Short and sweet - Hope 103.2

Short and sweet

By David ReayWednesday 12 Mar 2014LifeWords DevotionalsFaithReading Time: 0 minutes


Read 1 Thessalonians 5:17

Pray without ceasing. (NRSV)

Not getting our money’s worth this time,are we? Three little words,just one verse. And yet a verse which sounds so right and at the same time seems to have lost touch with the real world.

How realistic is it to pray all the time? It is reminiscent of the story of the goalkeeper in a soccer team. He was a devout Christian who prayed before each and every game. One particular game his pre-game prayers went on a bit longer than usual and,as he was on his knees beseeching God for help in keeping a clean sheet,the opposing team kicked off and booted the ball into the net past the praying keeper. Praying all the time is just not on. There is a time to be on our knees and a time to be on our feet.

Then again,ceaseless praying is what we are called to do. And for this to be realistic,we need to review our understanding of just what prayer is. It is much more than a formal time on our knees at the beginning of the day,much more than the ritual prayers in church services. Prayer is ongoing communication with God and as such occurs beneath the articulate,verbal level. Most of my own prayers are silent and break all sorts of grammatical rules! So we can be driving a car,doing the shopping,watching TV,or weeding the garden and at the same time be praying. Our prayers at such times may be silent expressions of barely conscious thoughts. Or they can be silent or verbalised fragments that intrude into our other activities from time to time.

Seeing prayer in this way allows us to have prayer in the centre of our life,not as some separate compartment. We turn our ceaseless thoughts into ceaseless prayer. All those fear-flooded concerns can be converted to prayers. All that glad remembrance can become prayer. All our restless preoccupation can be transformed into prayer. We do this by bringing God into the picture. Rather than just thinking,we think and invite God to hear our thoughts and to shape and reshape them. We turn our interior monologue of thinking into the dialogue of prayer.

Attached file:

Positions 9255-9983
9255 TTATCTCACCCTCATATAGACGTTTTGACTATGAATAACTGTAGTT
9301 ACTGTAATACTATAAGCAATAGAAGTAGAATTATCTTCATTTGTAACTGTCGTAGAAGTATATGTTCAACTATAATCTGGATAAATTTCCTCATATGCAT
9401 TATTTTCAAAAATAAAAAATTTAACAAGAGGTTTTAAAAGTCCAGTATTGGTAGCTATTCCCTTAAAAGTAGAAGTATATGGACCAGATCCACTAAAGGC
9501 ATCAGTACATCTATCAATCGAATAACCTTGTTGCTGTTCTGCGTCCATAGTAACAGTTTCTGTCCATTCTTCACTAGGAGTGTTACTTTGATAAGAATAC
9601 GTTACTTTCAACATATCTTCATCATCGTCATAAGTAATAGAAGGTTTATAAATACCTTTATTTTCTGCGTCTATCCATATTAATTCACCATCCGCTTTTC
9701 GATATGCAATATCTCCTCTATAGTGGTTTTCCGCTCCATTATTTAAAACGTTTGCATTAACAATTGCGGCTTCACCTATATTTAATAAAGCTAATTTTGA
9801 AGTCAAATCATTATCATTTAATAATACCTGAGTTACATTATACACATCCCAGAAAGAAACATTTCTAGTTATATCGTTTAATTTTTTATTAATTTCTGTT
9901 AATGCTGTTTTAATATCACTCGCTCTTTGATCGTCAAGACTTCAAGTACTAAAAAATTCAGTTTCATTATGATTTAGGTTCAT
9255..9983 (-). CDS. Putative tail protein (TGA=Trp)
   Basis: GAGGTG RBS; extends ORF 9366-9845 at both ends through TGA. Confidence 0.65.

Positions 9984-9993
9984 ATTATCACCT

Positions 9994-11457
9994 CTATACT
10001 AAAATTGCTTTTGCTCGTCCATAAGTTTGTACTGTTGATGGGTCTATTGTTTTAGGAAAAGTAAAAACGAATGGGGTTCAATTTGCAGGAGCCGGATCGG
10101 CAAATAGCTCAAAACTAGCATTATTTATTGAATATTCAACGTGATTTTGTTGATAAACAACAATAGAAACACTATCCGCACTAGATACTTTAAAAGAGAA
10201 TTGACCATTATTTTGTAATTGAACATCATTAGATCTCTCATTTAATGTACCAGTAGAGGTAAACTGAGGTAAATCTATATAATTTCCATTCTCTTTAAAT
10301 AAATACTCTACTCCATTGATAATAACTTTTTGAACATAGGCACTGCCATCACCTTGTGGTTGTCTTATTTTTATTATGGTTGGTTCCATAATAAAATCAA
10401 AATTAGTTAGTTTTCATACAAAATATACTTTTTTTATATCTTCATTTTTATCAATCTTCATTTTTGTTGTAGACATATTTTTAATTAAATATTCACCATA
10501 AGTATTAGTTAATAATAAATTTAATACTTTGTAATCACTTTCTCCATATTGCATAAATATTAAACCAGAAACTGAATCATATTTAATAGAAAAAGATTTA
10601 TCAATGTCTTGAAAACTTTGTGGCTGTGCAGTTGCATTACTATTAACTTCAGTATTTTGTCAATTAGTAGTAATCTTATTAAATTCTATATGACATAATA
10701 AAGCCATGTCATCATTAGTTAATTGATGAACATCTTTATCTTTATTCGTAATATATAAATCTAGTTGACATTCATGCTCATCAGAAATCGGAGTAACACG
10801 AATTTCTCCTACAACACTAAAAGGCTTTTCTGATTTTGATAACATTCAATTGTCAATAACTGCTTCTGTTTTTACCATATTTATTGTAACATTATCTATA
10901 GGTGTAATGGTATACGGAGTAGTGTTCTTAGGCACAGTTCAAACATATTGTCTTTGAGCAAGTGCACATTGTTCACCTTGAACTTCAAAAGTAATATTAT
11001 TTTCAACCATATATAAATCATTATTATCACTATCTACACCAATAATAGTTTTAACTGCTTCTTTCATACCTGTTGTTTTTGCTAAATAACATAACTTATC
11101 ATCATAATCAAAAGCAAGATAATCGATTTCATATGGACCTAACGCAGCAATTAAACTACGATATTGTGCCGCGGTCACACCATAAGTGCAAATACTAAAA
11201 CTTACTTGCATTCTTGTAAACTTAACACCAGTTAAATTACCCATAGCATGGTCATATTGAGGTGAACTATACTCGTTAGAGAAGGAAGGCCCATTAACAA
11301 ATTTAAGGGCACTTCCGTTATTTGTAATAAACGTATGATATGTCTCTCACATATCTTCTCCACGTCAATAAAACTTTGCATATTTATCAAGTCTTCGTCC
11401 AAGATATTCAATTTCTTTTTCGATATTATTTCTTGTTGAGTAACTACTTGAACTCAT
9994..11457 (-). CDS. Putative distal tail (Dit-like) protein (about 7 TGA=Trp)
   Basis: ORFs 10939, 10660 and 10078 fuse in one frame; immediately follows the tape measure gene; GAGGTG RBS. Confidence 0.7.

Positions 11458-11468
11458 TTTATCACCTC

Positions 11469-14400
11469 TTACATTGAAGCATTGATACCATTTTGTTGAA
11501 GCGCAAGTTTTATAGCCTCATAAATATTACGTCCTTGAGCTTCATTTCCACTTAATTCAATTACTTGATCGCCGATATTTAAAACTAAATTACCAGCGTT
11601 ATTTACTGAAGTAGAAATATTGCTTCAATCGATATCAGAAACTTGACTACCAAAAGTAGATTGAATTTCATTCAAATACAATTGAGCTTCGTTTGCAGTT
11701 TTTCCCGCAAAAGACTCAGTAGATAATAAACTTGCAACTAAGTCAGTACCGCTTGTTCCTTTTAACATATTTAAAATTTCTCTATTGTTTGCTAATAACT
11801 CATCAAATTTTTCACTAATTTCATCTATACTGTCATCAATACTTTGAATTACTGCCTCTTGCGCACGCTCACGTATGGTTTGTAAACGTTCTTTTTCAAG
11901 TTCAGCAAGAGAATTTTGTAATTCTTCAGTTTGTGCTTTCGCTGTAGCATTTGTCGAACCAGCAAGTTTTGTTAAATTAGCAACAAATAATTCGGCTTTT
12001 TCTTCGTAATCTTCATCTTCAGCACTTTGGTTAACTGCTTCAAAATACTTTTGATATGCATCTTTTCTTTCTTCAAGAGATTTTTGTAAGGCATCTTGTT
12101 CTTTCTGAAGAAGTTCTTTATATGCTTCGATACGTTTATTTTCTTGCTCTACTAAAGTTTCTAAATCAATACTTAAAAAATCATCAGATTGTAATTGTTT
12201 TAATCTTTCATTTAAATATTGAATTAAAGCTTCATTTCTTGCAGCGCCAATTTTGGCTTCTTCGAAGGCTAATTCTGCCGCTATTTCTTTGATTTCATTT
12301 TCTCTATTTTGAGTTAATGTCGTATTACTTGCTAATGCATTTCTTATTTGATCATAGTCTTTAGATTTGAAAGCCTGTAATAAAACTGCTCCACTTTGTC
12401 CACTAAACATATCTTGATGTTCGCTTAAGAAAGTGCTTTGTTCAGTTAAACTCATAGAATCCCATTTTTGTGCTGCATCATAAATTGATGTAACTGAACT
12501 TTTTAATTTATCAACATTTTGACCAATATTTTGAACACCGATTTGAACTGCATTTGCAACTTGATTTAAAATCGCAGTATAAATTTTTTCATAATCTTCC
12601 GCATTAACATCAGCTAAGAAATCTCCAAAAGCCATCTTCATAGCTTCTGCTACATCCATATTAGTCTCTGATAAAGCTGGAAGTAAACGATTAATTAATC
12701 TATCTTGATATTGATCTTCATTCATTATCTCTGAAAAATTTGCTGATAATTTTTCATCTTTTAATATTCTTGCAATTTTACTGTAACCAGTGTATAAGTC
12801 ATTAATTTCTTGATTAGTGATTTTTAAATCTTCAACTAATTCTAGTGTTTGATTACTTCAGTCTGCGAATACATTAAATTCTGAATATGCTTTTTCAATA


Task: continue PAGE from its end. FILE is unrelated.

This has the benefit of bringing God into the essential threads of our life. It has the benefit of our being able to simply give our thoughts to God and not allow them to become a repetitive cycle of fearful or confused thinking which wearies us. We don’t have to spend most of the day anxiously thinking through things and then at some fixed point giving them over to God in prayer. We can invite God in and so break the negative circuit then and there. Unceasing thinking becomes unceasing prayer.

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David Reay